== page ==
Valley Mental Health has been providing substance abuse and psychological counseling to those in Summit, Salt Lake and Tooele counties, and now Summit County has secured a three-year contract renewal with the non-profit group to further help area residents.
VMH's Regional Director of Rural Counties Victoria Delheimer said she is pleased with her group's place in the county.
"I'm ecstatic about our relationship here in the community," Delheimer said. "We've become more visible in the community; folks know us as a resource."
Summit County Health Department Director Richard Bullough says the county has had "an emerging relationship" with VMH over the last few years, and they contract with the group to play the role of mental health authority. Of VMH's total funding of $1.1 million, the county provides just over $100,000 as well as a significant amount of in-kind value such as human hours and office space.
As well as providing psychiatric services, outpatient mental health care and prevention services, VMH deals especially with substance abuse. The group takes individuals who have faced felony drug charges and are ready to change and helps them deal with their problem with treatment and prevention measures.
Summit County helped conduct a study on substance abuse with sixth, eighth, 10th and 12th grade students, looking at the risk factors for abuse. According to Bullough, the findings were worrisome.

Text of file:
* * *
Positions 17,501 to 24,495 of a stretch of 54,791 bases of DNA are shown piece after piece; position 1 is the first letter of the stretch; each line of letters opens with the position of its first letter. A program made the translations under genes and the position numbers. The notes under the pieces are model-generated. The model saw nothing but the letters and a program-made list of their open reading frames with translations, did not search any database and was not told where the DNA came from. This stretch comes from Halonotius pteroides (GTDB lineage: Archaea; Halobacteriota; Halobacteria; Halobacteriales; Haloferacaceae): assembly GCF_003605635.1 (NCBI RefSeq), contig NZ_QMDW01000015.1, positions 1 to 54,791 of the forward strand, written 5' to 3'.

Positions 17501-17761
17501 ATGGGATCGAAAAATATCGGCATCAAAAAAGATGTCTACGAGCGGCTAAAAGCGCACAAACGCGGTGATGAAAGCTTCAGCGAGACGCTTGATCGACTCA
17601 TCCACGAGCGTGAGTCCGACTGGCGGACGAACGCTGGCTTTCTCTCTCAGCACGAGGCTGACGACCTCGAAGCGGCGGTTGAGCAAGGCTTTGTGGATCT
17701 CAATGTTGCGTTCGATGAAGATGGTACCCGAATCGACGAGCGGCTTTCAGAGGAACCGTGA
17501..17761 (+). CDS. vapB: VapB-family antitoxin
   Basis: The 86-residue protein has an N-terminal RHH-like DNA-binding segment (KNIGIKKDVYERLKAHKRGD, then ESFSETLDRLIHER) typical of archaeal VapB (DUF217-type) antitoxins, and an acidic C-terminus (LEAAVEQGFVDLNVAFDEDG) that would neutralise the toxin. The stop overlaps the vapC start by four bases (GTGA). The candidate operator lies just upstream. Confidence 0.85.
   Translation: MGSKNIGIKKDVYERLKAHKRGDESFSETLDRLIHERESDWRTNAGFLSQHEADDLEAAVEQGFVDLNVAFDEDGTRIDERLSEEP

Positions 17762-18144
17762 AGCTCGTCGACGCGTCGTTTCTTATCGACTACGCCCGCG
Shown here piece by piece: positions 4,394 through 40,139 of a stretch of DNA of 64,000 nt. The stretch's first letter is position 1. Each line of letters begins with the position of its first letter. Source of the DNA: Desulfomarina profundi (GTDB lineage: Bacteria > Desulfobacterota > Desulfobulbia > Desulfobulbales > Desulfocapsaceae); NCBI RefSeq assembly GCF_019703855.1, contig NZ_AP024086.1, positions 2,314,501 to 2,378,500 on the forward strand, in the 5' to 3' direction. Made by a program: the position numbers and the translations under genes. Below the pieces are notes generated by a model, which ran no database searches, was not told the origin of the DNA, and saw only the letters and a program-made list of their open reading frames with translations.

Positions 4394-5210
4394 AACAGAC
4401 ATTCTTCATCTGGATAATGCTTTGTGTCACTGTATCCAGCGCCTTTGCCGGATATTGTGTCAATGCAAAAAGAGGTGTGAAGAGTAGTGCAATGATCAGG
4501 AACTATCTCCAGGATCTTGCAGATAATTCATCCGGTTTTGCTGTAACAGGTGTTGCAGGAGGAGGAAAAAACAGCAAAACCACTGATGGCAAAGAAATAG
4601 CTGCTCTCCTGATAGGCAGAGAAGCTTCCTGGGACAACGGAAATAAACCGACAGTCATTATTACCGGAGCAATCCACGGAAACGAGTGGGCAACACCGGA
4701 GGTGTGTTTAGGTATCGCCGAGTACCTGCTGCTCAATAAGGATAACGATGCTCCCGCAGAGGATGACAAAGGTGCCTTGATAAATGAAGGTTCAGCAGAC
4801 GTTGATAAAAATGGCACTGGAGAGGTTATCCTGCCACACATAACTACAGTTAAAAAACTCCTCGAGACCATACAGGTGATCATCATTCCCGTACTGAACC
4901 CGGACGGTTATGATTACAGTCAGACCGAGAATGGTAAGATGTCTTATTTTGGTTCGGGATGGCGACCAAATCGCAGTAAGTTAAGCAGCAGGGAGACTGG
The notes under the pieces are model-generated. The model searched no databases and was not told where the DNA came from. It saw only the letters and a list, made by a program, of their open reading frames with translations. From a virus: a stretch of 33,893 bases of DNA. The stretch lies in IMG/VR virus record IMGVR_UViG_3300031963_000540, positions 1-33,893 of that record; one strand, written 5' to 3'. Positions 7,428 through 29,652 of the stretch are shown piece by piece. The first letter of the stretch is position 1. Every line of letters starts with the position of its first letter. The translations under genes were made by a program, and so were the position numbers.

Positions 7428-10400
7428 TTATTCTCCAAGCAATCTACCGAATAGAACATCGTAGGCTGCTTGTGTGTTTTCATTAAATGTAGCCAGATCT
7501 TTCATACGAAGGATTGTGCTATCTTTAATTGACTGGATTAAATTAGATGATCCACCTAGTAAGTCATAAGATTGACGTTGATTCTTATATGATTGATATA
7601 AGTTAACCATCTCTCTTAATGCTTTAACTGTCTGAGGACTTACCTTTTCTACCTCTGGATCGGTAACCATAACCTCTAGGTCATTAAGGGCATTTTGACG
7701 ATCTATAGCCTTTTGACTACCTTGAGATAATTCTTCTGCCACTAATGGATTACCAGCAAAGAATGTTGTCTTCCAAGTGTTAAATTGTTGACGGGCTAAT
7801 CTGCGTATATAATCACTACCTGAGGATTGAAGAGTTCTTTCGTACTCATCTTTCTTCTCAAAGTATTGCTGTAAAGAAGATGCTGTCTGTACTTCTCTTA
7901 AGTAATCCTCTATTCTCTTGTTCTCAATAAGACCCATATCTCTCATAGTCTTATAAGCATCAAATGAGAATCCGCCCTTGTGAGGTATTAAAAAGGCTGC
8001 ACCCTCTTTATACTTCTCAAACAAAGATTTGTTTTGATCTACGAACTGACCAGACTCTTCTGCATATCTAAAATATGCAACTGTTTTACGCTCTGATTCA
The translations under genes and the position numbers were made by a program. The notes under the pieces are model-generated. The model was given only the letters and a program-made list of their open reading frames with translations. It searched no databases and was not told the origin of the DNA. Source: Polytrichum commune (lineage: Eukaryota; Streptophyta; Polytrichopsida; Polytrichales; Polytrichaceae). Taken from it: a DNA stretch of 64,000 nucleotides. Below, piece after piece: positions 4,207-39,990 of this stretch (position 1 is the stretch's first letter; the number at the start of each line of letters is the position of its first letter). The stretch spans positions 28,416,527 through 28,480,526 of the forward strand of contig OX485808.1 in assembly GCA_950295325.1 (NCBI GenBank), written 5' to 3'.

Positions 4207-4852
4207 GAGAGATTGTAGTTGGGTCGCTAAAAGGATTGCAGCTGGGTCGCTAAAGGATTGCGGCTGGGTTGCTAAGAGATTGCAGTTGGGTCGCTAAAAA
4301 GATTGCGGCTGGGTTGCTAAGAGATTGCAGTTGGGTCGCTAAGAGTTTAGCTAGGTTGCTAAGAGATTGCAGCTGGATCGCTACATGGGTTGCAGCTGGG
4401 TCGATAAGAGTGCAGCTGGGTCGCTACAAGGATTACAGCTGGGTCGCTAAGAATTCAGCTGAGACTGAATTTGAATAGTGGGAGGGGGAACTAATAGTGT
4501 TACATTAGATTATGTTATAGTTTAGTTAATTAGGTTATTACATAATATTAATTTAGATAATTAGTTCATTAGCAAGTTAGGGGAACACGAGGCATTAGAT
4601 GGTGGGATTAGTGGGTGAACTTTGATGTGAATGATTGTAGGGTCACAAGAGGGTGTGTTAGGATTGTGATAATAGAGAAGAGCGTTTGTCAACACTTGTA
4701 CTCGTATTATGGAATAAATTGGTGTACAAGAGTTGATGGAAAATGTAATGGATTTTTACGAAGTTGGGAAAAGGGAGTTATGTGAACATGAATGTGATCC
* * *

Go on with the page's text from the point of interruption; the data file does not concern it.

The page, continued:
"Some very disconcerting facts we see is that at a much higher prevalence than the rest of the state, teens in Summit County drink more alcohol," Bullough said. "A very large proportion drinks at home with the support of their parents. That really concerns us."
Delheimer said VMH is taking steps to fight this problem.
"We're trying to send a message in our prevention program about the development of the teen brain," Delheimer said. "The earlier you start using, the more likely you are to develop substance abuse problems."
Bullough says VMH is launching school-based programs that are focused on teen-to-teen substance abuse education, but mentions the missing piece is the parental education, of which there are several important facets.
"The first is the legal facet. They are liable if alcohol is consumed with their approval at their residence for any damages that incur as a result," Bullough said.
Additional outreach that VMH will be providing includes two community forums a year at the University of Utah, media campaigns targeting parents and teens, and a float in the Kamas Fiesta Days parade that will focus on teen substance abuse. The media campaigns are part of Parents Empowered, a statewide initiative that seeks to prevent and reduce underage drinking.
Bullough says the county and VMH both have the desire to alter the image of substance abuse as it is portrayed in high schools.
"The perception in high schools is that substance abuse is normal," Bullough said. "People tend to gravitate towards the norm. It's important to get that message out there that this isn't the norm. It's an outlier group of kids that do this."
For more information on Valley Mental Health, visit www.vmh.com or call 888-949-4864. VMH has offices in Kamas, Coalville and Park City.